Tuesday, August 19, 2014

Jimi Hendrix - People, Hell and Angels

Due to Jimi almost compulsively recording everything he and his friends would do at Electric Ladyland
Studios, there has been an abundance of unreleased material that is still being released to this day, as evidenced by this album. Although fans may recognize many of these tunes, these are all different versions with (mostly) different line-ups from previous issues.

Amazon has a good run-down of the songs and the personnel, but numbers here include a studio take of "Earth Blues" with Billy Cox and Buddy Miles and a terrific blues, "Somewhere", with amazing playing by Jimi, backed by Miles and Stephen Stills on bass! Always loved "Hear My Train A-Comin'" and this one is super-solid and is followed  by Elmore James' "Bleeding Heart" - both with fantastic blues licks from Jimi. One stand-out here, due to its unusual nature and the fact that no version has ever been issued, is "Let Me Move You", a rockin' r'n'b duet with sax-man Lonnie Youngblood, with Lonnie singing and both men blowing their hearts out! Great, great stuff!

"Izabella" was always a highlight of Woodstock II and this studio version (recorded after the festival) is a little more controlled than the live take and includes rhythm guitarist Larry Lee, who also joins him on the laid-back and cool "Easy Blues". The original "Crash Landing" is unearthed as well as "Inside Out", an early working of "EZY Rider", with Hendrix playing through a Leslie speaker. "Hey Gypsy Boy" is the basis for "Hey Baby (New Rising Son)" with some especially sweet and melodic playing and then he adds his talents to his friends, the Ghetto Fighters, for their soulful "Mojo Man". It all ends with the cool instro he did at Woodstock, here titled "Villanova Junction Blues", showing that it wasn't simply a jam, but a song that he had worked on long before the festival.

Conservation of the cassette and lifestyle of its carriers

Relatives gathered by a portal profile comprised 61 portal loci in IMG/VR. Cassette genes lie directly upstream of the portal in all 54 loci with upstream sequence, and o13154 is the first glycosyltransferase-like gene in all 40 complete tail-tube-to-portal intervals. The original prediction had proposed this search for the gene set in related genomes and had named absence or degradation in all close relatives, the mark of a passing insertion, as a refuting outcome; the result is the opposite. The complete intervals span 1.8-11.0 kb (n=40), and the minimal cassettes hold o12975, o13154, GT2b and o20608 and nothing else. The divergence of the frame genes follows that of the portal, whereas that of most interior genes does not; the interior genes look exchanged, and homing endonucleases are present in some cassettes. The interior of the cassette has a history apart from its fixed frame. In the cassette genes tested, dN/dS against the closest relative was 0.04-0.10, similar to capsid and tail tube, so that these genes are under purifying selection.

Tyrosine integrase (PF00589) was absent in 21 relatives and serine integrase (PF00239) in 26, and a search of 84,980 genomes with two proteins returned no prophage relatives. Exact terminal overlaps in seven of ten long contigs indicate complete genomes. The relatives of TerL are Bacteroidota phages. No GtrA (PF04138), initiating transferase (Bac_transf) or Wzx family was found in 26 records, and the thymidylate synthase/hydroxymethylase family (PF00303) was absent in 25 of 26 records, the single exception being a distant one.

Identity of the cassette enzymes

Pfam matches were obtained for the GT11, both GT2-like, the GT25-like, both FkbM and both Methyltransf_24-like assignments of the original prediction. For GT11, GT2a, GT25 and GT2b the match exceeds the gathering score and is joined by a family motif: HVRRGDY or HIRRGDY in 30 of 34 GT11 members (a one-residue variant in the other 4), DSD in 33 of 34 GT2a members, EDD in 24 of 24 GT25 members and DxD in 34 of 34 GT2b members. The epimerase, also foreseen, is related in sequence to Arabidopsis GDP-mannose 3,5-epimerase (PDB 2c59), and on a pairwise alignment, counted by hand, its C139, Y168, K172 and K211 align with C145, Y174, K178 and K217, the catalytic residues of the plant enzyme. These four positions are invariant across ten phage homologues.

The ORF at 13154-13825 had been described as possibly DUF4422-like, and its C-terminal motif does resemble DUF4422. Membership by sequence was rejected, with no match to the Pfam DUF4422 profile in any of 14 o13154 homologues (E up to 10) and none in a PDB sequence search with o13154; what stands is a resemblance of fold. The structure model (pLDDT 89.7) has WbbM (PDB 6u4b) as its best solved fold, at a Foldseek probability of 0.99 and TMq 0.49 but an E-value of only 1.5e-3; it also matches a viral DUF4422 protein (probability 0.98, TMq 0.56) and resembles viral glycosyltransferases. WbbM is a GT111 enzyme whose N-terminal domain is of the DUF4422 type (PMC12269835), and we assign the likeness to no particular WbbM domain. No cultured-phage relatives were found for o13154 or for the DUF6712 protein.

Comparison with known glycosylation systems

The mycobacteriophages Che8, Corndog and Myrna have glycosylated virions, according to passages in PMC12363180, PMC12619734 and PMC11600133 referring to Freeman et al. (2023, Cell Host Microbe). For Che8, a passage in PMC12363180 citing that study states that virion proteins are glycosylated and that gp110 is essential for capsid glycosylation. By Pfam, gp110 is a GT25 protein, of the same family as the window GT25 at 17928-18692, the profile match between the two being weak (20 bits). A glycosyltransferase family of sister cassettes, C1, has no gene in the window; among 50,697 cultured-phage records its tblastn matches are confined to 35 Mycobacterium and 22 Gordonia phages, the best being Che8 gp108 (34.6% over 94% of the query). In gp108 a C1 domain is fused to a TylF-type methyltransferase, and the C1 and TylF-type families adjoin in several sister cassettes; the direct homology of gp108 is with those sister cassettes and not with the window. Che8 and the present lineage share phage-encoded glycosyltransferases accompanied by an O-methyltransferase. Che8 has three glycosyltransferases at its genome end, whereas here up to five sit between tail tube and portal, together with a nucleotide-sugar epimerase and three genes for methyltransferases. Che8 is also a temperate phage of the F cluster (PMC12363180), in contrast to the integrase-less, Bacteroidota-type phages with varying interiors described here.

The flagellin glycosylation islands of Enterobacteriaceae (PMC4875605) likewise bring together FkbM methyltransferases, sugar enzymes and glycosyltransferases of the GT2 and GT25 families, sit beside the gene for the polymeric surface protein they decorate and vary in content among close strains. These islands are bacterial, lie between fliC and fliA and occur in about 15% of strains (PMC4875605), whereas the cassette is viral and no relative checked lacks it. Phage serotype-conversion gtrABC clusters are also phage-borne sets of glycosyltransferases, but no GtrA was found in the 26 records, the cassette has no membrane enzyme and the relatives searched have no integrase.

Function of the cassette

As with most of his posthumous work, this is really for fans, but it is a strong album, none-the-less, and something that you will want if ya dig the man's work. Lots of mind-boggling playing and real songs.

(PS - I got this from the library so don't know if a booklet is supposed to come with it.)